Increased S-100 B levels are associated with fractures and soft tissue injury in multiple trauma patients.

Müller, Martin; Münster, Julia M; Hautz, Wolf E.; Gerber, Joël L; Schefold, Joerg C.; Exadaktylos, Aristomenis K.; Pfortmueller, Carmen A. (2020). Increased S-100 B levels are associated with fractures and soft tissue injury in multiple trauma patients. Injury - international journal of the care of the injured, 51(4), pp. 812-818. Elsevier 10.1016/j.injury.2020.03.012

[img]
Preview
Text
2020 - Müller - Injury - PMID 32192718 .pdf - Published Version
Available under License Creative Commons: Attribution-Noncommercial-No Derivative Works (CC-BY-NC-ND).

Download (520kB) | Preview

BACKGROUND S-100 B protein was identified as a biomarker for traumatic brain injury, but studies suggest that extracranial injuries may also lead to increased S-100 B serum levels. In this study, we aim to quantify the impact of injury patterns on S-100 B levels in patients with suspected multiple trauma. METHODS Patients with suspected multiple trauma treated at a Level 1 Trauma centre in Switzerland were included in this retrospective patient chart review. Extent of injuries and severity was assessed and S-100 B levels on admission measured. Potential predictors of increased S-100 B levels (>0.2 µg/L) were identified through uni- and multivariable analyses. RESULTS In total, 1,338 patients with suspected multiple trauma were included. Multivariable logistic regression showed a significant association with increased S-100 B levels in long bone fracture (OR 2.3, 95% CI: 1.3-4.1, p = 0.004), non-long bone fracture (OR 3.0, 95% CI: 2.2-4.3, p<0.001), thoracic injury (OR 2.6, 95% CI: 1.6-4.2, p<0.001), and deep tissue injury/wounds (OR 1.9, 95% CI: 1.4-2.6, p<0.001). Head trauma with intracerebral bleeding was only weakly associated (OR 2.0, 95% CI 1.2-3.5, p = 0.01) and head trauma without intracranial bleeding was not associated with an increased S-100 B protein level (p = 0.71). Trauma severity was also related to increased S-100 B levels (OR per ISS: 1.1, 95% CI 1.0-1.1, p<0.001). S-100 B levels <0.57 µg/L had a high diagnostic value to rule out in-hospital mortality (negative predictive value: 1.0, 95% CI: 0.98-1.00). CONCLUSION Fractures and thoracic injuries appeared as main factors associated with increased S-100 B levels. Head injury may only play a minor role in S-100 B protein elevation in multiple trauma patients. A normal S-100 B has a good negative predictive value for in-hospital mortality. S100-B levels were associated with trauma severity and might thus be of use as a prognostic marker in trauma patients.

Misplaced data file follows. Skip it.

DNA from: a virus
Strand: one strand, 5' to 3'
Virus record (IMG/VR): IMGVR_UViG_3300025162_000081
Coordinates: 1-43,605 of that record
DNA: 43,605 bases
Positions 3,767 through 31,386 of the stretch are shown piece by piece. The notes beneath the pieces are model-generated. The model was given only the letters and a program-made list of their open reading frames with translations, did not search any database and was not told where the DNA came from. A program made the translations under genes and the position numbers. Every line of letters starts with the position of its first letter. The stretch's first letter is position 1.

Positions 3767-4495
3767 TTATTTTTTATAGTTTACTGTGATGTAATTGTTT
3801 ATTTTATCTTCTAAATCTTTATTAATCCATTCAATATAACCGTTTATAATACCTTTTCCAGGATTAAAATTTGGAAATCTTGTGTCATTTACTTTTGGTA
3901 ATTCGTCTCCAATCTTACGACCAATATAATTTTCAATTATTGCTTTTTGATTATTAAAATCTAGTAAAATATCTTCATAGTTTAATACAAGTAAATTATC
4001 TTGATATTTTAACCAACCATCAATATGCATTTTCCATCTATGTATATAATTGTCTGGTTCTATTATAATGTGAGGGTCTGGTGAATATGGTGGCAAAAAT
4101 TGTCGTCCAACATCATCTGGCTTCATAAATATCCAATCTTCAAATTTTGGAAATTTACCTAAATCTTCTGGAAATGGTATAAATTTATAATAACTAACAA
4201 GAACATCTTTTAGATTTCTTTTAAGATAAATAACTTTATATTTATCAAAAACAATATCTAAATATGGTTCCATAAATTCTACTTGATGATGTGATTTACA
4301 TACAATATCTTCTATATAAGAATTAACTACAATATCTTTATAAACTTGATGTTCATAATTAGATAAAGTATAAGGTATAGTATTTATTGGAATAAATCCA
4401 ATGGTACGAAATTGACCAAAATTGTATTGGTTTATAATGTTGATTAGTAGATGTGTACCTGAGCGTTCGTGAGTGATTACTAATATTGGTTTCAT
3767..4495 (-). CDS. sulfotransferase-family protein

Item Type:

Journal Article (Original Article)

Division/Institute:

04 Faculty of Medicine > Department of Intensive Care, Emergency Medicine and Anaesthesiology (DINA) > University Emergency Center
04 Faculty of Medicine > Department of Intensive Care, Emergency Medicine and Anaesthesiology (DINA) > Clinic of Intensive Care

UniBE Contributor:

Müller, Martin; Hautz, Wolf; Schefold, Jörg Christian; Exadaktylos, Aristomenis and Pfortmüller, Carmen

Subjects:

600 Technology > 610 Medicine & health

ISSN:

0020-1383

Publisher:

Elsevier

Language:

English

Submitter:

Mirella Aeberhard

Date Deposited:

27 Mar 2020 10:36

Last Modified:

12 May 2020 01:33

Publisher DOI:

10.1016/j.injury.2020.03.012

PubMed ID:

32192718

Uncontrolled Keywords:

Biomarker Diagnosis Fractures Multiple trauma S100 B

BORIS DOI:

10.7892/boris.142269

URI:

https://boris.unibe.ch/id/eprint/142269

Actions (login required)

Edit item Edit item
Provide Feedback